IngredientsSerrano chile, guajillo chile, Kashmiri chile, coriander, spearmint, garlic, cumin, sea salt, caraway, and cinnamon
Also CalledHarissa seasoning, harissa powder, or harissa spice mix
Recommended UsesCouscous, pasta, sandwiches, soups, and stews
Flavor ProfileSpicy hot, smoky, with earthy undertones
CuisineMiddle Eastern, North African
How To StoreAirtight container in a cool, dark place
Shelf Life6-12 months
Country of OriginUSA
Dietary PreferencesGluten Free, Non-GMO


Hungry for More Information

African Spices and Seasonings
The Culinary Regions of African Cuisine
Moroccan Spices and Dishes
How Well Do You Know Your Chiles


Nutrition Facts

Serving Size1 tsp

Amount Per Serving


% Daily Value*

Total Fat0g0%

Saturated Fat0g0%

Trans Fat0g

Polyunsaturated Fat0g

Monounsaturated Fat0g



Total Carbohydrate3.5g1%

Dietary Fiber2.0g8%

Total Sugars1.1g

Added Sugars0g0%

Sugar Alcohol0.0g


Vitamin D0mcg0%




*The % Daily Value (DV) tells you how much a nutrient in a serving of food contributes to a daily diet. 2,000 calories a day is used for general nutrition advice. These values were calculated and therefore are approximate. For more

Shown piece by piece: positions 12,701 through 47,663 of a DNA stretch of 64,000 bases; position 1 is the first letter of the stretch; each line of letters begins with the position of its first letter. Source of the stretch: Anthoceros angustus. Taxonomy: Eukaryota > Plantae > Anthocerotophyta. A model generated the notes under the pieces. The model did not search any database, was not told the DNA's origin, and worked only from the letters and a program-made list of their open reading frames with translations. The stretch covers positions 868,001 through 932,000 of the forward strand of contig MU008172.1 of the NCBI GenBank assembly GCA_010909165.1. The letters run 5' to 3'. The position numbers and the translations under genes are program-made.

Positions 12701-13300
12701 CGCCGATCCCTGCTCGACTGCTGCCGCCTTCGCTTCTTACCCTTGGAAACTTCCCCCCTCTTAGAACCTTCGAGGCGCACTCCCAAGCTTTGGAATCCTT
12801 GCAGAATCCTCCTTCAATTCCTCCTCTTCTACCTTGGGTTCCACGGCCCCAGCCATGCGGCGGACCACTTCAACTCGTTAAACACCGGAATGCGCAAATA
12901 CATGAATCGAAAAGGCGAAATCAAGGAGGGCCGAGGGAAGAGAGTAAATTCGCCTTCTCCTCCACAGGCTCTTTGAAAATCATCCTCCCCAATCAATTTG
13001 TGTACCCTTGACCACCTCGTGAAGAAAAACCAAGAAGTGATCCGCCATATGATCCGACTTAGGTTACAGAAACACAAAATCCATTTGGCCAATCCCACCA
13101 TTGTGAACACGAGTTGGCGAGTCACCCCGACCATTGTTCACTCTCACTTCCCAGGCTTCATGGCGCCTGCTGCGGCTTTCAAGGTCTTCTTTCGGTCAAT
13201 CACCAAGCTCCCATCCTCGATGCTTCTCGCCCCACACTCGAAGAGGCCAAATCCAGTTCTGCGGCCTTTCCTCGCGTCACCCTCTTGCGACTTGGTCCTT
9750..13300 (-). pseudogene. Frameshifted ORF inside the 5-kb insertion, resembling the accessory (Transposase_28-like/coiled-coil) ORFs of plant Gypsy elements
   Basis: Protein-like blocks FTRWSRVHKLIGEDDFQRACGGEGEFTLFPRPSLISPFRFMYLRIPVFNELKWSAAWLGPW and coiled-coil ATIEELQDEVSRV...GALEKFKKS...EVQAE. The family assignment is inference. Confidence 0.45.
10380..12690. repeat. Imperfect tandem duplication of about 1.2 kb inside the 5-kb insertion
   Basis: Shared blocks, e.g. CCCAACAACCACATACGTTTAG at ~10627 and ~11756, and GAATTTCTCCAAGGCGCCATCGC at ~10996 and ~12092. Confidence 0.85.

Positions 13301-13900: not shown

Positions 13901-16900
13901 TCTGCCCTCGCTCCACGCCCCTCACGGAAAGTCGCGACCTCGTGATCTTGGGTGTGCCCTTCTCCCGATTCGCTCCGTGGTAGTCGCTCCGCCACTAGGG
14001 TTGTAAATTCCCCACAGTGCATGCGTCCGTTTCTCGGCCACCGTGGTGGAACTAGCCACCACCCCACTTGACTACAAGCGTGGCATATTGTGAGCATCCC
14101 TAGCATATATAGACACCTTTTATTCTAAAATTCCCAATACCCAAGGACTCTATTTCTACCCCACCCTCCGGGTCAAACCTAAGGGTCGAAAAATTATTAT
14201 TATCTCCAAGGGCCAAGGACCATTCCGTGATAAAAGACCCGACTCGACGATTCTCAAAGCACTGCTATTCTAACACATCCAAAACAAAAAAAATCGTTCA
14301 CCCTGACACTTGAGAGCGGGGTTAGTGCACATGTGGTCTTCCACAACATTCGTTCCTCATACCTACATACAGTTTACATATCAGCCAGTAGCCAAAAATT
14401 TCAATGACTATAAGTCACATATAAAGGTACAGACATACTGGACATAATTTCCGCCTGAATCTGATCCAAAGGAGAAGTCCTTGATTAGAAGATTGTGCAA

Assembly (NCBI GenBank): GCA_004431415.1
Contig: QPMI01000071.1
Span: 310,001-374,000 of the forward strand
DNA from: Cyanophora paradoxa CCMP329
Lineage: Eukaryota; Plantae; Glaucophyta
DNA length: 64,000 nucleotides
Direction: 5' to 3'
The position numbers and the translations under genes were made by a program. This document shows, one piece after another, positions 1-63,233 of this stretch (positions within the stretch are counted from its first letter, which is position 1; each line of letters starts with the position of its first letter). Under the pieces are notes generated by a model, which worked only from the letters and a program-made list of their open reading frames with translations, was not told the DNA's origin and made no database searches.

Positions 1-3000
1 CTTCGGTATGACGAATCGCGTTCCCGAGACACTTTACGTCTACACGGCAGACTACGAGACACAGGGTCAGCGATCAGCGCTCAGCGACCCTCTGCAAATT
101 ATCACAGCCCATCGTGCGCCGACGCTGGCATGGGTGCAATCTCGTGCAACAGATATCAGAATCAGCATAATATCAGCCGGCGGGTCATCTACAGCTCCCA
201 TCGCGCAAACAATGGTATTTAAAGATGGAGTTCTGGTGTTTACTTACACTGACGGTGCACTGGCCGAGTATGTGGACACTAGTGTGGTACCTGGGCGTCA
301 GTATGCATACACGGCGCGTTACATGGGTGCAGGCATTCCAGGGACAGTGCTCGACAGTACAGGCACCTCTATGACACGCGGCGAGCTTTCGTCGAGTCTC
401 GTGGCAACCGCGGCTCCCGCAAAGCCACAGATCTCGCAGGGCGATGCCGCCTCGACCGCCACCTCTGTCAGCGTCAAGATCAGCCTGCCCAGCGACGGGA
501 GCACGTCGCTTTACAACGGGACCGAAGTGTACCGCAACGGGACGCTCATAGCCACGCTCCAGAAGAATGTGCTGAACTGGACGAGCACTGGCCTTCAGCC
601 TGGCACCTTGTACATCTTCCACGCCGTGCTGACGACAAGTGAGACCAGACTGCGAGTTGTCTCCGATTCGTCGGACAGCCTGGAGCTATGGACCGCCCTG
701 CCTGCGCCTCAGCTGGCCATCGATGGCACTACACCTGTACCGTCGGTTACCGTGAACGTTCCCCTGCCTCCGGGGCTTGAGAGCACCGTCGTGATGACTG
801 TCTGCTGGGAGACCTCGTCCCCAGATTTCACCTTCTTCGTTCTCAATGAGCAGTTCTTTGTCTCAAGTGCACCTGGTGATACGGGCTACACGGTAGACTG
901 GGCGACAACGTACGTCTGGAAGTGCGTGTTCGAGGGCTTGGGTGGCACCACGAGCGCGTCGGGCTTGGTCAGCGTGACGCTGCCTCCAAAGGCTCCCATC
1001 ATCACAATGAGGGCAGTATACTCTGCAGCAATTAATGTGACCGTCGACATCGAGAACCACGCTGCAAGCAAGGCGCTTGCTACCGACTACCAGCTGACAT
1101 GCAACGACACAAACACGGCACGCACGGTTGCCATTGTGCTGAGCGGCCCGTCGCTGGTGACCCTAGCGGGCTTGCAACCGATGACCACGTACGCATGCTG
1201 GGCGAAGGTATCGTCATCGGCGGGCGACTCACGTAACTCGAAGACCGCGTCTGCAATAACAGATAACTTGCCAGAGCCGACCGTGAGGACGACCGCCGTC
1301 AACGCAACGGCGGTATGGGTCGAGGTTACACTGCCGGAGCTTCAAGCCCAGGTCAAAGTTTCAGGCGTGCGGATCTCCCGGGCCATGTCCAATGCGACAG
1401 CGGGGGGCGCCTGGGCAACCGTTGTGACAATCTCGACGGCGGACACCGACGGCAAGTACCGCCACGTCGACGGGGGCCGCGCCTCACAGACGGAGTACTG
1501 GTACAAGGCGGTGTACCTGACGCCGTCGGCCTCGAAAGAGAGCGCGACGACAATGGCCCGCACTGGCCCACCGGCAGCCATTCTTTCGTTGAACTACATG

4.8 out of 5
10 total ratings.

Nicolas P. (Verified buyer) 01/17/2022
great company great company! quick shipping and great spices.

William J. (Verified buyer) 09/09/2020
Good flavor Good flavor

Joseph S. (Verified buyer) 10/03/2019
pleasant heat and flavor A nice subtle flavor that ages well in leftovers and re heats

Joan R. (Verified buyer) 06/07/2019
Harissa This is one of the most complex Harissa I've found.

Khatija D. (Verified buyer) 04/03/2019
Harrisa Spice I made grilled chicken, the chicken was very flavorfull.

Paul (Verified buyer) 01/05/2018
Harissa Spice Marinated chicken breasts overnight. Baked with onions, peppers and garlic. The spice has awesome flavor. Goes perfect with eggs.

Anonymous (Verified buyer) 02/12/2013
Harissa Spice I did not find my blend to be overly salty. We use Harissa for suaces, rubs and to flavor pop corn and french fries. Serve the Harissa fries with a side of cucumber yoghurt dressing and they're heavenly!

Kevin (Verified buyer) 11/02/2012
Harissa Spice I love the heat but it's not over powering. This is a spice everyone should have....

Larisa (Verified buyer) 08/28/2012
Harissa Spice But I don�۪t want tongue-numbing heat for heat�۪s sake alone, at the expense of taste. Spices Inc�۪s Harissa is a hot but complex, nuanced blend of spices that delivers a lot of flavor. This Harissa blend works as both an ingredient (to torque up anything from tagines to minestrone) & a condiment (mixed with Greek yogurt, it makes an awesome dip.) Love it!

Scheron M. (Verified buyer) 07/16/2020
Getting Use To This Southwest flavor. This is a new spice for me. I was thinking is was close to an Indian flavor but, the blend is more of a Mexican flavor. So, it is pretty good in Chili, tacos, etc.